Based on the guessed protocol, Ethereal decodes (dissects, in Ethereal nomenclature) the packet. Each protocol supported by Ethereal is handled through a bit of code known as a dissector. At the time of this writing, 333 dissectors are built in to Ethereal, some of which handle more than one protocol. Protocols also can be provided as plugins, which are loaded dynamically. Depending on the protocol and the level of sophistication provided by the dissector code, the packets can be broken down for analysis of individual bits or they can be presented at a very high level. Both options are depicted in Figure 6, where the TCP dissector shows the individual bits set in the flags, but the IMAP dissector breaks out only two fields. It is worth noting that IMAP is a text-based protocol, so a simple ASCII dump of the packet contents is an appropriate way to show them.

Figure 6. Two Variations on Dissection—TCP and IMAP

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application would

software free's picture

That application would be the ethereal GUI.

This way:
-no need for X on router
-no need to install ethereal on client
-no need to transmit all the packets over the wire, minimal network impact (packet processing would be server-side)

Re: A Guided Tour of Ethereal

bsilva's picture

Regarding the ability to capture packets remotely:
While it's true that Ethereal cannot do this dynamically, i.e.; with an agent on the remote end, Ethereal can read packet captures from command line tools such as tcpdump and snoop.

I use both of these tools to capture packets from Firewalls, Routers, servers, etc. I also use a beat-up Pentium-90 laptop as a network monitor that I can leave at a customer site. Once the data is collected I can analyse it with Ethereal. Ethereal will also read packet captures from commercial tools such as NAI's Sniffer tools.

Ethereal is a tool that just keeps getting a little better each year. I've used it to solve a variety of problems, but I've also used it to teach networking protocols. It's the best tool I know of to show students exactly how protocols are encapsulated in each other and to demonstrate exactly how data gets across the network.

On a slightly different note, it's interesting that I'm posting this comment on January 10th 2004, but the article claims to have been posted on Feburary 1st, 2004.

Thanks for the Article,
Brad Silva

tethereal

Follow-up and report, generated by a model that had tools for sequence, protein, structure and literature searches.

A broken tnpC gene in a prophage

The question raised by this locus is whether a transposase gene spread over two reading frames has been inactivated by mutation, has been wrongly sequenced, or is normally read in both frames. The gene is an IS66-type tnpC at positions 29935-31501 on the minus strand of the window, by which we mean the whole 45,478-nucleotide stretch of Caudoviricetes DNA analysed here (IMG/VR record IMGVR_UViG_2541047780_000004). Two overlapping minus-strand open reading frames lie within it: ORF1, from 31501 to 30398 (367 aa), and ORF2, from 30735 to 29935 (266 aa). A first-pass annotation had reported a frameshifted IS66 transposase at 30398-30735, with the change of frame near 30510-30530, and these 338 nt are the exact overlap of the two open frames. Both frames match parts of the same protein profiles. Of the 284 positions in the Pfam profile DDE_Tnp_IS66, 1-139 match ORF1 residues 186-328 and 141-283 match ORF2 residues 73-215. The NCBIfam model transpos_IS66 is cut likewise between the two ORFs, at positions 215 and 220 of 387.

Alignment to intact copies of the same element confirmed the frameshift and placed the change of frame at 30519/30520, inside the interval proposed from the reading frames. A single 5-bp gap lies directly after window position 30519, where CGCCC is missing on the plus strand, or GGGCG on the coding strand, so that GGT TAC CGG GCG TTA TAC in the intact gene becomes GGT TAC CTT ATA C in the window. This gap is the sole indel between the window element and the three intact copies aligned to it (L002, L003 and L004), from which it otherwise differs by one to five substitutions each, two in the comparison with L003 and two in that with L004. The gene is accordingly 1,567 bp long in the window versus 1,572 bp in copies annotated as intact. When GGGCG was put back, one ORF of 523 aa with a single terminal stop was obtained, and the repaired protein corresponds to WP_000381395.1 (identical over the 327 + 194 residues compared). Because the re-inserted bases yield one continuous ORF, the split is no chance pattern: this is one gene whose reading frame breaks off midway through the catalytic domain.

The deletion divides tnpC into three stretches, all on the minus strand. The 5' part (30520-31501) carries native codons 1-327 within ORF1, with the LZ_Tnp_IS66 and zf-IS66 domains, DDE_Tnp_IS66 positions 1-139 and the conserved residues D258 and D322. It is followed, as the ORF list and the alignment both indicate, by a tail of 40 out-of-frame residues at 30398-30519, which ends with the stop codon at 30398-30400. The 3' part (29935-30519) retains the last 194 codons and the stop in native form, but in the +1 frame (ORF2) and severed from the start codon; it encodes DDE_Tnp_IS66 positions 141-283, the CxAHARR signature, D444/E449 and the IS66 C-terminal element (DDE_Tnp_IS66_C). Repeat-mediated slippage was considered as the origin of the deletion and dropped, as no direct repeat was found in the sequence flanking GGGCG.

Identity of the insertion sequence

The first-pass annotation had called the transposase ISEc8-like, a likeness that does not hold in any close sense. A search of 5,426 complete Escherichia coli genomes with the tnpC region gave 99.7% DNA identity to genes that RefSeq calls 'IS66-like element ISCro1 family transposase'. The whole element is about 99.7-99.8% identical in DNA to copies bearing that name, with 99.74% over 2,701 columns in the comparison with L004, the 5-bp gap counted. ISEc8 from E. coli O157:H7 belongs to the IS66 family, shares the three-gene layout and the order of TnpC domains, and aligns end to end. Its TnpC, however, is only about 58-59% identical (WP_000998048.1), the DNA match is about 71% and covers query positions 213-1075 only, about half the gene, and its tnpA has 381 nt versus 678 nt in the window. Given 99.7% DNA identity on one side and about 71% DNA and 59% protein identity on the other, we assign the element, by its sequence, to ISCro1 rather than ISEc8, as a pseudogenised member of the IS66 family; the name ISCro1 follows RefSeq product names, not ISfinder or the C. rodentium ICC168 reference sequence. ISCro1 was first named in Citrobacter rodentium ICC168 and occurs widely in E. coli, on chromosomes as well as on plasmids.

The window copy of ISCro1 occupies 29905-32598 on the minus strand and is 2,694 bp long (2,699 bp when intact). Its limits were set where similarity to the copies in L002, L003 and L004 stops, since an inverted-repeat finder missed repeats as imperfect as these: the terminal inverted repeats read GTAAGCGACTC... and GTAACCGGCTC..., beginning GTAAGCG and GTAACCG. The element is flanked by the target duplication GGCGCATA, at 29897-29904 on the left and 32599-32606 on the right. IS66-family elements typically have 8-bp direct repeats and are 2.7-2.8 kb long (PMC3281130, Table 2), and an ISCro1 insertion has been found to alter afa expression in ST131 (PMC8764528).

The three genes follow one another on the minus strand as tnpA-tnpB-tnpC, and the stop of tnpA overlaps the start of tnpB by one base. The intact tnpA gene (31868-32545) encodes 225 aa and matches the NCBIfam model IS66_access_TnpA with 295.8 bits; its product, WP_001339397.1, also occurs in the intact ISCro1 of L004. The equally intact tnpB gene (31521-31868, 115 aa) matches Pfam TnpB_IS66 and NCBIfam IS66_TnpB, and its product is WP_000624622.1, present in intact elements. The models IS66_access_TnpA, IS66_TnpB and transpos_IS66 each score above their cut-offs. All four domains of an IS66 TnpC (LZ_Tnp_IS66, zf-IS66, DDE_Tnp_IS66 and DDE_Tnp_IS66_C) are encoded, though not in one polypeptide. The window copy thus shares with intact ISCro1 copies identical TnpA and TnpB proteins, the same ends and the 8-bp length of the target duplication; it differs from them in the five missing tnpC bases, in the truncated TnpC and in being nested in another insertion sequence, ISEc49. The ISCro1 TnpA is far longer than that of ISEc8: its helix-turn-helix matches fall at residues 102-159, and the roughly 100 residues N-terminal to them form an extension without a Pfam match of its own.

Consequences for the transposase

Anonymous's picture

I use SSH + tethereal from the command line to do remote captures

Sure that's what i do but it'

Anonymous's picture

Sure that's what i do but it's so much nicer to see live rolling capture in the ethereal GUI.

Re: A Guided Tour of Ethereal

Anonymous's picture

I think the date reflects the publishing date for the magazine, not for the article.

I agree with the remote capture comments, and some work on remote capture has been done, but when you are working with the Ethereal GUI, it would sometimes be nice to do "now show me what that remote machine is seeing, in real time". That needs more work.

Brad Hards

Re: A Guided Tour of Ethereal

Anonymous's picture

Isn't that was remote (secure) X display is for? Which is tremendously less overhead, potentially, than sending the entire packet contents across the wire to the "local" monitoring app?

Well ideally you would naviga

Anonymous's picture

Well ideally you would navigate to a webpage that would contain a java application.
That application would be the ethereal GUI.

This way:
-no need for X on router
-no need to install ethereal on client
-no need to transmit all the packets over the wire, minimal network impact (packet processing would be server-side)

Negative aspects:
-More CPU usage on router
-We need is someone to implement this!

An X display on a router is a

Anonymous's picture

An X display on a router is a waste of resources, especially since you'll probably end up doing all your work in shell windows inside X!

Re: A Guided Tour of Ethereal

Anonymous's picture

Actually, the RMON (and RMON2) protocol is substantially thinner than remote X. Ethereal just needs an RMON/RMON2 interface.